Two new online resources will ease your search for classic diners along the Lincoln Highway or anywhere.
Above: Earle Hersman at the grill at Jacki and Earle’s Steel Trolley Diner in Lisbon, Ohio, a 1955 O’Mahony-brand diner. Traveling all day across Ohio, there is no bigger thrill than pulling into town, seeing the lights on 24 hours a day, and knowing you can get breakfast, dinner, dessert, or just some coffee for the miles ahead.
Since starting Roadside magazine in the early 1990s, Randy Garbin has published maps to locate and identify diners, those factory-made restaurants with a counter that so many of us love. Then he compiled the info into a bound volume organized by state. Now that amazing database is available on the web at no charge: Diner Finder Online. Visitors to roadsideonline.com will find the feature in the tabs to the right and need just do a simple free registration to gain access. Once there, you click on a US state, and go to a list alphabetized by name, with city identified and an occasional picture. (Once you’re registered, you can access the site directly at http://www.dinerfinderonline.com) Fellow researchers and food lovers have already contributed dozens of updates and corrections, making it the premiere guide to some 1875 diners. The print version is still available too.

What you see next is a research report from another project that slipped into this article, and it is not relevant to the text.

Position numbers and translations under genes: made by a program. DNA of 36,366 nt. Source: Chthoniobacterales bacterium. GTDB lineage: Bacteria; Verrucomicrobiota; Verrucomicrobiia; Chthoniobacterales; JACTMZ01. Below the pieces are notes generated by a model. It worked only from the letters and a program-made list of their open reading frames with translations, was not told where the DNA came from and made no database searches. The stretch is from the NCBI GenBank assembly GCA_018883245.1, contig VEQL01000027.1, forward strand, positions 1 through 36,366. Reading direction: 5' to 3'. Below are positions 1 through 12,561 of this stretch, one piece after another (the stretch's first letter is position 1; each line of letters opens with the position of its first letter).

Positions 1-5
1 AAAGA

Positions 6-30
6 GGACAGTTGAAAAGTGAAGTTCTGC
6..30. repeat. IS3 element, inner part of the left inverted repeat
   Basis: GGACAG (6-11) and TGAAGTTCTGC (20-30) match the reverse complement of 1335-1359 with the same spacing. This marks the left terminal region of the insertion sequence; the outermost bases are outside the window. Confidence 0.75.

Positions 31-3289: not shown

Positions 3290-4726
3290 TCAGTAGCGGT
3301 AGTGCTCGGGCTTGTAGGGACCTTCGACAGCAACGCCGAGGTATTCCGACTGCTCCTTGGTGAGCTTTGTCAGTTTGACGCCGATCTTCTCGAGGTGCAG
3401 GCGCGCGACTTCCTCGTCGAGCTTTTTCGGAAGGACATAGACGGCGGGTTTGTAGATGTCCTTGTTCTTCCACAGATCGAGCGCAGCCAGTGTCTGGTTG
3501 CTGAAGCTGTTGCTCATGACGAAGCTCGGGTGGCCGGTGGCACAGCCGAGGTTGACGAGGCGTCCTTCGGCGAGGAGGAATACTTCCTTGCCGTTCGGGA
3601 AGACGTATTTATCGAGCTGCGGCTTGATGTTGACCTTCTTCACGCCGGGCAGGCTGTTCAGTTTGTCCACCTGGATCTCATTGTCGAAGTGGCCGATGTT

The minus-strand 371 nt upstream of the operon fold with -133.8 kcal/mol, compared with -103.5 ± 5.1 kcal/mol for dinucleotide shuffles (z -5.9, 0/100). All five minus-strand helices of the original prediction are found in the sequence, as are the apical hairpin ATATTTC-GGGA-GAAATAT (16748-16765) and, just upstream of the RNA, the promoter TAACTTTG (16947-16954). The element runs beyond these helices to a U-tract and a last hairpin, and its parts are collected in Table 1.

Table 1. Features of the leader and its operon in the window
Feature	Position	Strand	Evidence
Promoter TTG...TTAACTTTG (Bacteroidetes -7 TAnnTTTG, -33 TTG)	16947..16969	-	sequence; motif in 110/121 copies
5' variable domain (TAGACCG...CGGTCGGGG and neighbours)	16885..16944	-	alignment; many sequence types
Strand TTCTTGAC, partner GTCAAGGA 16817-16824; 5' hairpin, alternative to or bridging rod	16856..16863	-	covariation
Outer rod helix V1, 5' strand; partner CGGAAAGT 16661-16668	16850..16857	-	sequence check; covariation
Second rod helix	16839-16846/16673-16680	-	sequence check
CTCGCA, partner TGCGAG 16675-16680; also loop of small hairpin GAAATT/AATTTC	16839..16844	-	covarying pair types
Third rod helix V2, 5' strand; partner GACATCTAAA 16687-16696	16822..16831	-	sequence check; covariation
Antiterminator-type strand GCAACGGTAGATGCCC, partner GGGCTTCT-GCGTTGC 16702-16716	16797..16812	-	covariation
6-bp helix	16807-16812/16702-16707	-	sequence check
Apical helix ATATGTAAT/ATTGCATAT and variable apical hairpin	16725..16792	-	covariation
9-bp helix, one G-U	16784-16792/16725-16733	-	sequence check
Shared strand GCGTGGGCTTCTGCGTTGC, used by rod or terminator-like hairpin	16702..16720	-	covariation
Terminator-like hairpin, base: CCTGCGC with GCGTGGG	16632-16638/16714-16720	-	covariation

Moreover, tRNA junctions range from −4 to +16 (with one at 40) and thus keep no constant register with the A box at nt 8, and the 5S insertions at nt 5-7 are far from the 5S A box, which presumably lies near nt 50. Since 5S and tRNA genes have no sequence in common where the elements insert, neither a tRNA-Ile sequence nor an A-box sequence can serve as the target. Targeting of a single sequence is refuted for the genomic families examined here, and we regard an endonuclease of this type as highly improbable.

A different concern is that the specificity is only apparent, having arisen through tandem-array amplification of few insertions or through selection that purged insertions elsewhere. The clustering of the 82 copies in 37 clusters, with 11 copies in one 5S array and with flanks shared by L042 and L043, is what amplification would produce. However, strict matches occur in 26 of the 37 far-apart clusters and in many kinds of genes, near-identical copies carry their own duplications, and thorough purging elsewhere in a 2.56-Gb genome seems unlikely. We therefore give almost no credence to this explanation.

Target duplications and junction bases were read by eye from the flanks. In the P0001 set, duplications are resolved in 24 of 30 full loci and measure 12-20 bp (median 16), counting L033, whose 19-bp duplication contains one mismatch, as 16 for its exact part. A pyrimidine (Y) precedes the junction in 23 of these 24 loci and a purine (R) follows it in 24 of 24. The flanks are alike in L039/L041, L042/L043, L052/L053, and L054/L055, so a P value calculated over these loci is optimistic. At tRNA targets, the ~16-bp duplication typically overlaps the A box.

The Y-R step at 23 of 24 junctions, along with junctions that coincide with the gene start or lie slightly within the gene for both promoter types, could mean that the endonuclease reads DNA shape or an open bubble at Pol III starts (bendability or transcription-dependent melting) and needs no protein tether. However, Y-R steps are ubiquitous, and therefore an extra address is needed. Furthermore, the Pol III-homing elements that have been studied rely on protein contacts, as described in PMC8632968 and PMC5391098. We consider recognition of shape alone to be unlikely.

Randy told me, “You could say that this project started back in 1986 when I first became ‘diner-aware.’ I vowed then to find and eat in every diner in the country, and this is part of that effort. It remains a work in progress and I continue to receive dozens of updates and photos from readers every week.” Here’s an example of what happens when you click the entry for the Steel Trolley Diner, 140 E Lincoln Way, Lisbon, Ohio:
Another new source for diner info is Larry Cultrera’s Diner Hotline blog, which I’m proud to say was inspired by my move to blogging. Larry has written the Diner Hotline column for the Society for Commercial Archeology’s magazine (which I design) since 1988. He took his first diner photo in November 1980, then the following July started a Diner Log. He’s up to 806 diners but seems to know every diner’s story and owners, past and present. Check it out at http://dinerhotline.wordpress.com/. The heartbreaking image at his page top shows the former Rosedale Diner of Pottstown, Pennsylvania, which appeared in 1973 on Daryl Hall and John Oates’ album Abandoned Luncheonette.